Brazilian stocks have charged higher since plumbing their pandemic March low, propelled by a strong rebound in commodity prices, record-low interest rates, and the promise of ongoing economic structural reform.

Looking ahead, analysts have expressed concern about how the country will phase out its pandemic-related fiscal stimulus, given that Brazil already had a high level of government debt before the health crisis began. "Debt is already supposed to rise from 80% to 100% of gross domestic product (GDP)," said T. Rowe's Verena Wachnitz, per Barron's. "A lot of the easy money from the rebound has passed," she added.

Wachnitz noted that possible future government reforms to help manage the cost of COVID-19 might include an overhaul of the tax system, reducing bureaucracy, or privatizing state enterprises. However, she remains skeptical about large-scale policy announcements amid the ongoing uncertainty.

From a technical standpoint, the three Brazil exchange-traded funds (ETFs) outlined below are trading near chart resistance. Let's take a closer look at each fund's specifics and explore several trading ideas.

iShares MSCI Brazil Capped ETF (EWZ)

The iShares MSCI Brazil Capped ETF (EWZ) seeks to track the performance of the MSCI Brazil 25/50 Index. To achieve this, the fund invests its large $5.1 billion asset base in stocks and American depository receipts (ADRs) that comprise the underlying benchmark. Financials and basic materials dominate sector exposure, with respective allocations of 29.37% and 16.57%. Nearly 30 million shares change hands per day on tight spreads, helping to keep trading costs low. Meanwhile, a 0.59% expense ratio makes buy-and-hold investing a viable option. Over the past three months, the ETF has rallied 30%, outpacing the MSCI Emerging Markets Index over the same period by about 9% as of July 22, 2020.

Although EWZ has continued to push higher in recent trading sessions, it finds significant overhead resistance at $33 from the June swing high and downward-sloping 200-day simple moving average (SMA). Those who short sell at these levels should anticipate a move down to $28.40, where the fund looks supported by the 50-day SMA.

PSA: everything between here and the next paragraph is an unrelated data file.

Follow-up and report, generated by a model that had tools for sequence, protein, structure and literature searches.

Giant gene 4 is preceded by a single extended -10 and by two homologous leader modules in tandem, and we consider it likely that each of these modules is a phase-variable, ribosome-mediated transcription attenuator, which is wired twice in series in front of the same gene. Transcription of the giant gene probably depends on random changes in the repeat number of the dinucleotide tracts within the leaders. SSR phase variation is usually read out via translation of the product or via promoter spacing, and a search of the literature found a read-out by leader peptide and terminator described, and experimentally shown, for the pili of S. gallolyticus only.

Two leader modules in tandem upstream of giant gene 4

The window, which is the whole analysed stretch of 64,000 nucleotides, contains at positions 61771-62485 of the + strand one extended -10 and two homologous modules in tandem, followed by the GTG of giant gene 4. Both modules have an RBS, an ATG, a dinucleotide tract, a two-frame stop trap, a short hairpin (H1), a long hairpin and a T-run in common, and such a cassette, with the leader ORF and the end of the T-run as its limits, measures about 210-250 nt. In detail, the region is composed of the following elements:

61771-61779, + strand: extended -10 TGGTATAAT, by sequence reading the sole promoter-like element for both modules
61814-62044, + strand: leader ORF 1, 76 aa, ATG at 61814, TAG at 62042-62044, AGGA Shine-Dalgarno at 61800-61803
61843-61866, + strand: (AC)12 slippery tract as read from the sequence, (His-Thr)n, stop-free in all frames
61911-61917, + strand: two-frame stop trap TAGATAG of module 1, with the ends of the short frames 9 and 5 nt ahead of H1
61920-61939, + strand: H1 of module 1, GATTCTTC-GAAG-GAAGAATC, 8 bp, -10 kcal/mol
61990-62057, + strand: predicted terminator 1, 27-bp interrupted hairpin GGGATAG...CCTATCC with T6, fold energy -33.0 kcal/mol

Chart depicting the share price of the iShares MSCI Brazil Capped ETF (EWZ)
StockCharts.com

iShares MSCI Brazil Small-Cap ETF (EWZS)

Formed in 2010, the iShares MSCI Brazil Small-Cap ETF (EWZS) aims to provide a similar return to the MSCI Brazil Small Cap Index – a benchmark that tracks a market cap-weighted index of Brazilian small-cap companies. Financials, utilities, consumer cyclicals, consumer non-cyclicals, and industrials all command double-digit percentage asset allocations, making the fund a good bet on smaller firms in those sectors. Roughly 100,000 shares exchange hands most days, although an average nickel spread makes it worthwhile using limit orders to minimize slippage. As of July 22, 2020, EWZS has net assets of $94.42 million, issues a 1.2% dividend yield, and is trading almost 36% higher since late April. The ETF carries a 0.59% management fee.

Like EWZ, the price of EWZS encounters crucial overhead resistance at $14.70 from the June swing high and falling 200-day SMA. Also, an elevated relative strength index (RSI) reading increases the probability of a downside reversal in this area. Swing traders who take a short position should consider buying to cover around $12, where the fund finds support from horizontal price action and the 50-day SMA.

Chart depicting the share price of the iShares MSCI Brazil Small-Cap ETF (EWZS)
StockCharts.com

Direxion Daily MSCI Brazil Bull 2X Shares (BRZU)

With assets under management (AUM) of $174.74 million, the Direxion Daily MSCI Brazil Bull 2X Shares (BRZU) has an objective to return twice the daily performance of the MSCI Brazil 25/50 Index. The fund tracks the same benchmark as EWZ, effectively making it the geared alternative. Traders should be aware that the ETF resets daily, meaning returns may deviate from the advertised leverage due to the effect of compounding. Meanwhile, an average 0.10% spread and ample liquidity make the fund ideal for exploiting short-term fluctuations in Brazilian equities. As of July 22, 2020, BRZU charges a 1.29% management fee, yields nearly 9%, and has gained 55.37% over the past three months.

The psychological $100 level looks like a line in the sand for the bulls. If they fail to push the price above this closely watched level in the coming days, expect a decline to reactionary support between $67 and $71. Before executing a short sale, traders may decide to wait for a reversal candlestick formation – such as a bearish engulfing pattern – to confirm a short-term top.

Chart depicting the share price of the Direxion Daily MSCI Brazil Bull 2X Shares (BRZU)
StockCharts.com